The Texas Supreme Court requested briefs on the merits in a case in which former football coach Mike Leach sued Texas Tech University, says an Associated Press story in The Brownsville Herald. The university argued it has sovereign immunity. “Leach attorney Paul Dobrowski said the court wants to look at whether Texas Tech conduct in handling the former coach's dismissal warrants a waiver of sovereign immunity,” the AP wrote.
The Blog of Legal Times reports on a White House blog post that “criticized the Senate for not voting on 20 pending nominees before leaving Washington for its August recess. It also highlights recent statements by Stephen Zack, then the president of the American Bar Association, and the editorial board of The Washington Post, both calling for a faster confirmation process for nominees.”
Grits for Breakfast highlights a New York Times story about a research study of “release decisions by the Israeli parole board.” The research indicated the parole board’s decisions may be impacted by each individual judge’s glucose levels. “In midmorning . . . the parole board would take a break, and the judges would be served a sandwich and a piece of fruit. The prisoners who appeared just before the break had only about a 20 percent chance of getting parole, but the ones appearing right after had around a 65 percent chance,” The New York Times wrote.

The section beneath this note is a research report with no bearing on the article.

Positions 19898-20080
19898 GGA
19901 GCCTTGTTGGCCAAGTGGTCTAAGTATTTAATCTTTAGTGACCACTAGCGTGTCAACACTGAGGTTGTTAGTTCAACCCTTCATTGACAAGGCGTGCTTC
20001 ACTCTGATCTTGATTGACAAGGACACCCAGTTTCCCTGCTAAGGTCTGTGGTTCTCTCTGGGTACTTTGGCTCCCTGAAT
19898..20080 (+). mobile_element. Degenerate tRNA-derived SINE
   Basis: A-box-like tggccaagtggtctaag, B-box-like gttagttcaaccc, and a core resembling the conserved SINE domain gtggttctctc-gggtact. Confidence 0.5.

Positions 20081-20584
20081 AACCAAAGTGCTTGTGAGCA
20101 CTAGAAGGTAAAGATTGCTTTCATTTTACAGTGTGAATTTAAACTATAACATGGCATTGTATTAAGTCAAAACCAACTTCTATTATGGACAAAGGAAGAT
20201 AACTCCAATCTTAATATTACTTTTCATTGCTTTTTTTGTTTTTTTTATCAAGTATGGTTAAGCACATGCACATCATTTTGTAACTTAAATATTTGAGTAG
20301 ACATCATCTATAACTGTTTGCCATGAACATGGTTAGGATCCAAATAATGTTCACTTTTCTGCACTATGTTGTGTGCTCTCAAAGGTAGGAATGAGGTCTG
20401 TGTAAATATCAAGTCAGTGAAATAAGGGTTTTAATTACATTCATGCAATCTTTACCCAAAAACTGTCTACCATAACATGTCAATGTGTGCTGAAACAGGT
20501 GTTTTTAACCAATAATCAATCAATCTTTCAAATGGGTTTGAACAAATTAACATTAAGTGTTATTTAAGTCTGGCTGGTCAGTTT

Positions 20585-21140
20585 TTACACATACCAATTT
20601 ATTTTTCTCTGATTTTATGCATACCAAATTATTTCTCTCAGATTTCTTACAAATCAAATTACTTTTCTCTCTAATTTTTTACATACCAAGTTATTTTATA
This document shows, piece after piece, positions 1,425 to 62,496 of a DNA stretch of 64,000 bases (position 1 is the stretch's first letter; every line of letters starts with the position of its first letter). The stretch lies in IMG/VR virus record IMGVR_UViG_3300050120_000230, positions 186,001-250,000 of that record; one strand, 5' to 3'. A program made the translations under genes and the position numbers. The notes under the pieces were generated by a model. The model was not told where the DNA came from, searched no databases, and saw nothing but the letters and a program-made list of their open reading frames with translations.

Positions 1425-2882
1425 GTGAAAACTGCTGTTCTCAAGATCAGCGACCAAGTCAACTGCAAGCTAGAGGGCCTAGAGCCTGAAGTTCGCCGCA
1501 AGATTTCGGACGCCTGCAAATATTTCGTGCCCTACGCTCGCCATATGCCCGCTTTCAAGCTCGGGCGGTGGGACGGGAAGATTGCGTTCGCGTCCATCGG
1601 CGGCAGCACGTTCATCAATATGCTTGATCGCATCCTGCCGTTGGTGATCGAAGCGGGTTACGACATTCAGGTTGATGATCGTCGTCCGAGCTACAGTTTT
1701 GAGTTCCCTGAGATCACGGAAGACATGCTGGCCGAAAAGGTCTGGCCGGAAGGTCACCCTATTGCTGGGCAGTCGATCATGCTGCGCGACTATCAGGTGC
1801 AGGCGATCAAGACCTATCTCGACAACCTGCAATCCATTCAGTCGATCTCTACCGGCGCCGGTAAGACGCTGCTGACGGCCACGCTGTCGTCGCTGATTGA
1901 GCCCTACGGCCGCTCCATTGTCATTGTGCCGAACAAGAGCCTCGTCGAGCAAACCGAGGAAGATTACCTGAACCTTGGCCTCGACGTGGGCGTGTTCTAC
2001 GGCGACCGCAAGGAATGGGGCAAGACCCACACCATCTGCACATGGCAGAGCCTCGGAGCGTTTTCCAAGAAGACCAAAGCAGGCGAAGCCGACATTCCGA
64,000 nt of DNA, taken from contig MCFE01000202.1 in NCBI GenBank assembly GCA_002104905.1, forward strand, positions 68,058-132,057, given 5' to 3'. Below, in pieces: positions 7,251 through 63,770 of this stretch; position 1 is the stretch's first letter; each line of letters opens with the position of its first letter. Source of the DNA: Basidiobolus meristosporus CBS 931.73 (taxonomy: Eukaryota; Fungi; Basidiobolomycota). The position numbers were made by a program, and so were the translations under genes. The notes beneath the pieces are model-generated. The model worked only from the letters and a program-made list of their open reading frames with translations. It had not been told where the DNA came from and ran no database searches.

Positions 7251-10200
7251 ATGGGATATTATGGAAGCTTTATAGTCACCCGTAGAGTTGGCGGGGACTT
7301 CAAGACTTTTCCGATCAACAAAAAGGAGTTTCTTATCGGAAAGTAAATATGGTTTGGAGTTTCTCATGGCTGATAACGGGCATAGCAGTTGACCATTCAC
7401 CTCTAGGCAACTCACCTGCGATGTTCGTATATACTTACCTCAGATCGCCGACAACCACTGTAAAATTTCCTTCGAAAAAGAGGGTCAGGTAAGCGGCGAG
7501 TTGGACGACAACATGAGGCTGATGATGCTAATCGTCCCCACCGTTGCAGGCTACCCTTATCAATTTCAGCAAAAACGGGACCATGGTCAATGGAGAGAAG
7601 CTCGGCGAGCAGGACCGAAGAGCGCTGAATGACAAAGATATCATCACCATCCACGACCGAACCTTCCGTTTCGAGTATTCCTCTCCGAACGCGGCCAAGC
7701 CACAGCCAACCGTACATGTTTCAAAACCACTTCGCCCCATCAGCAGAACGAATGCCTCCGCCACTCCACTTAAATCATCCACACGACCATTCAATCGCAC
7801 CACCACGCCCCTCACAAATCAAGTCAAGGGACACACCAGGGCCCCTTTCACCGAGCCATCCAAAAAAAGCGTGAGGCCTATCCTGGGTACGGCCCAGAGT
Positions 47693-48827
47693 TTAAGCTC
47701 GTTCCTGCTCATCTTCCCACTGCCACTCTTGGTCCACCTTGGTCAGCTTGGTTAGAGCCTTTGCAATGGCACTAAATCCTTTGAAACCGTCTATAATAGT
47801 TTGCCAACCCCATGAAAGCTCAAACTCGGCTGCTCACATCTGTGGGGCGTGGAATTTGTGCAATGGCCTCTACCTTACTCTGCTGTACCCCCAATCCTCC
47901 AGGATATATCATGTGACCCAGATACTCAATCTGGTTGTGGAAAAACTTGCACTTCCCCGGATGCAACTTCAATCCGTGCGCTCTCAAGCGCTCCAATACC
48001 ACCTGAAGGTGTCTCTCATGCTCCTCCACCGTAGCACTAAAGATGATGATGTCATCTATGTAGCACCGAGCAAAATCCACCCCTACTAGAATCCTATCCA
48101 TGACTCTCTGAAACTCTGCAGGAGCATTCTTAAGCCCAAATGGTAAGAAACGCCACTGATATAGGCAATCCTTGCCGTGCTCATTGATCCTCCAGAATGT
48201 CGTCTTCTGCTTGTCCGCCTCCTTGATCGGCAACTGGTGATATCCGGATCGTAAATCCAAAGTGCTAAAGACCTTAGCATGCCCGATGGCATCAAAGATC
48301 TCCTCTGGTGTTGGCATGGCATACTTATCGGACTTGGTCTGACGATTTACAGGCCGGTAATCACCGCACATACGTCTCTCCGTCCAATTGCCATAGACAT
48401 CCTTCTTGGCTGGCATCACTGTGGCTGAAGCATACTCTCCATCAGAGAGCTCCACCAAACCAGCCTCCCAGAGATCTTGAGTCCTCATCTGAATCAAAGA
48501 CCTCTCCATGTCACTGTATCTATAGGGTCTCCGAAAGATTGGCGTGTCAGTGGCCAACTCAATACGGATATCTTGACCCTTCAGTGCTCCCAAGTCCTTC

“Responding to an attempt by Roger Clemens' attorney to bar a retrial in the former baseball superstar's perjury case, prosecutors filed a brief … arguing that Clemens is ‘seeking to gain an unwarranted windfall’ from an ‘inadvertent error,’” reports the Blog of Legal Times, a Texas Lawyer affiliate.
An Austin American-Statesman story examines the two-year-old Texas Office of Capital Writs, which the “Texas Legislature created the office two years ago after repeated instances of shoddy legal work by appeals attorneys representing capital murder convicts. The agency now handles the state appellate process for nearly all new Texas death penalty cases.” The office currently has about 12 clients on death row.
-- Angela Morris